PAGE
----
More often than not, entrepreneurs and inventors begin their early careers working in an industry that is very much different than the industry for which they might be remembered. The Stanley twins followed their childhood interests in photography to form the Stanley Dry Plate Company but are perhaps best remembered as a premier steam car manufacturer in the earliest years of the 20th century. The Garretts and Marshalls came from farming backgrounds, became saw/grist mill operators, and established their family legacies making snuff and vulcanized fibre, respectively. Even in the 21st century, we find similar occurrences with individuals such as Elon Musk, who founded, an online bank that he turned into PayPal, a venture that, when sold to eBay for $1.5 billion in 2002, supplied the funds Musk desired to start SpaceX (2002), join Tesla (2004), and start SolarCity (2006). Musk will surely be remembered by future generations for one or more of these company’s achievements more than his early financial efforts.
On April 15, Allison Schell, Public Programs Director for Friends of Auburn Heights, presents the 5th episode of Behind the Steam. The topic is “Luxurious Packards” and features the Marshall Collection as well as the Gilmore Car Museum’s Packards. Clarence and Tom Marshall’s love for the legendary brand is well documented. The Packard brothers, William Doud (1861-1923) and James Ward (1863-1928), first became known for another product before becoming focused on automobiles. What was the Packard brothers’ first business venture?

The Packard Electric Company was formed on June 5, 1890, around the same time as Israel and Elwood Marshall purchased the burned-out woolen mill at Yorklyn. The Packard Electric Company advertised electric bells, burglar alarms, gas lighting, and arc and incandescent electrical lighting plants during the late 1800s, and the Packard Electric name lasted into the mid-1920s. The Packard brothers owned the New York and Ohio Company, which manufactured Packard electric lamps. The plant eventually became the Packard Lamp Division of General Electric.

Of the two Packard brothers, James Ward Packard was the inventor while his brother, William Doud Packard, preferred to concentrate on running their several electrical businesses. Thirteen of the 43 patents the brothers obtained were devoted to electric lamp manufacturing operations. The patents included electric lamp construction techniques and manufacturing equipment, including mercury vacuum pumps, electric lamp sockets, and fuse-wire holders for circuit fusing.

The earliest Packard patents are dated in the late 1880s, with later Packard lamp patents assigned to the Westinghouse Electric Company. One of the difficulties that competitors to Edison encountered was developing a lamp that didn’t infringe on the original Edison patent. Competitors looked for manufacturing process advantages as well as design feature differences to avoid infringement on Edison patents. James Packard’s various patents addressed both the design and manufacturing processes of lamp manufacture.

Packard electric lamps became very well known and widely used, and the Packard lamp design, manufactured though Westinghouse, was a major competitor to Edison’s electric lamp business. The Packards worked with George Westinghouse, who promoted Tesla’s polyphase alternating current (AC) power system against the Edison/General Electric direct current (DC) power system. Without the ability to offer an electric lamp that did not infringe on Edison’s patents, Westinghouse and Tesla would not have been able to compete.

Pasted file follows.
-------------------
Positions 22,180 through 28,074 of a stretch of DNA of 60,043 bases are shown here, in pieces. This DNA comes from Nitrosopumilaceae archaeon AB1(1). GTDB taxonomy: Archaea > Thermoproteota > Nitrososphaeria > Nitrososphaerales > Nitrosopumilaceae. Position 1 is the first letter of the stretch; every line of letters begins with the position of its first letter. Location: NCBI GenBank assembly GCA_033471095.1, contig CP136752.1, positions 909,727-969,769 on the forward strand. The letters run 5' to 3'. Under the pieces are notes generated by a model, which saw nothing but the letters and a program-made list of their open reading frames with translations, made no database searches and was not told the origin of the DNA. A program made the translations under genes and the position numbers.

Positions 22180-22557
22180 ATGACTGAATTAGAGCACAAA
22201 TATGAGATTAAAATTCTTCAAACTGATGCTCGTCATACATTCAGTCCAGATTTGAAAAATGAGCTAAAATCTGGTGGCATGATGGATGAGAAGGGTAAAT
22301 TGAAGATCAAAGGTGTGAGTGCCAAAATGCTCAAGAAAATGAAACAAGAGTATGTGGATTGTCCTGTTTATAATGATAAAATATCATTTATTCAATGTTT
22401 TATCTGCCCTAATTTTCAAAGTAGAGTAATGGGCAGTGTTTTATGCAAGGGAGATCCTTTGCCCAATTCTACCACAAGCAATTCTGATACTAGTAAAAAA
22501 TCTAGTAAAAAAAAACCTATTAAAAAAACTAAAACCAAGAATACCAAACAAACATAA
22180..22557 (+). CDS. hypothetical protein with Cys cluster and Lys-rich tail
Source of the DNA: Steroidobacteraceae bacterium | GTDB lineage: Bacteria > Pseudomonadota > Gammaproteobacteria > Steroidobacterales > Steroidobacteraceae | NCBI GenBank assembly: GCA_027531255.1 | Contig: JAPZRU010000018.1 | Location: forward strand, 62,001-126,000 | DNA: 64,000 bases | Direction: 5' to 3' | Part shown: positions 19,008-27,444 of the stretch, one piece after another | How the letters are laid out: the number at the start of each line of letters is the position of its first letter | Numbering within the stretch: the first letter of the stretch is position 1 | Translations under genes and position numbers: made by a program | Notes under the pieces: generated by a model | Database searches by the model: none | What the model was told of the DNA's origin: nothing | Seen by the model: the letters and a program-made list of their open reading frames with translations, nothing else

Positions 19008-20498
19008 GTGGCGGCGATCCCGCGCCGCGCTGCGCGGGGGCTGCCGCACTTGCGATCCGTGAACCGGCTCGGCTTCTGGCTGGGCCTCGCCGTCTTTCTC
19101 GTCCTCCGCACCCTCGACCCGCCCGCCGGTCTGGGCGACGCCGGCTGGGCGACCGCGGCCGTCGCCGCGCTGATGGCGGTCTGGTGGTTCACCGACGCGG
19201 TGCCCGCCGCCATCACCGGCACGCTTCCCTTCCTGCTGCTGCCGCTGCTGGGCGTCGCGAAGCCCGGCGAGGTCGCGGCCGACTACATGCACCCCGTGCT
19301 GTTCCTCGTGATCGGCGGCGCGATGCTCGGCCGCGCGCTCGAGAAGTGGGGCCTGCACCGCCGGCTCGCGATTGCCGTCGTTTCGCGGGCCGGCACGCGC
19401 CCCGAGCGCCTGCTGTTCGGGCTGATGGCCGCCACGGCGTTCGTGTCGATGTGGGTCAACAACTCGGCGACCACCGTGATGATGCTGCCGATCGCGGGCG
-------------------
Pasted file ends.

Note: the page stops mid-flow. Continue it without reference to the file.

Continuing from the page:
Westinghouse’s use of “stopper in a bottle” lamp construction got around the Edison patent, which allowed inventors such as James Packard to add features producing lamps superior to what Edison offered through General Electric. One of Packard’s patents added an intermediate support means for long fragile carbon filaments inside a lamp thus limiting a long filament’s tendency to vibrate and break from mechanical flexing fatigue. The addition of Packard’s filament support greatly increased lamp life for railroad, trolley, and automotive applications that subjected lamps to constant vibration. The glass enclosures were frosted to more evenly disperse the filament’s incandescence and made with ribs for decoration as well as to add strength to the glass.

The 1892 World Columbian Exposition in Chicago was lit using Westinghouse AC power system, which employed more than 200,000 Westinghouse-built Sawyer-Man stopper electric lamps in the lighting fixtures. The success of the Westinghouse demonstration at the Exposition is considered a watershed event that proved Tesla’s polyphase AC power distribution systems were in fact superior to the Edison-General Electric DC power distribution system. The Packard Electric lamp patents used by Westinghouse for the display, including on carousels and other rides, demonstrated superior life expectancies against competitor’s lamps further proving Westinghouse and Packard Electric produced superior lamps to Edison/GE.

Lamps of the 1890s only had a few hundred hours operating time, and often the electric used during a lamp’s short lifetime was more costly than the lamp’s purchase. The brighter the bulb the shorter it’s lifetime generally. As Westinghouse lamps were of the “stopper” design, the company’s rebate program returned burned-out lamps to the factory. Stoppers were removed from the glass envelope, the filament replaced, and the stopper returned to the bulb envelope once the envelope had been cleaned inside. This greatly reduced the cost of a Westinghouse lamp to that of an Edison-GE lamp.

Packard electric lamps were easily identified by the paper tag that was placed in the cement which held the base to the glass. The script “Packard” as their logo along with the bulb’s candlepower and operating voltage were printed on the tag.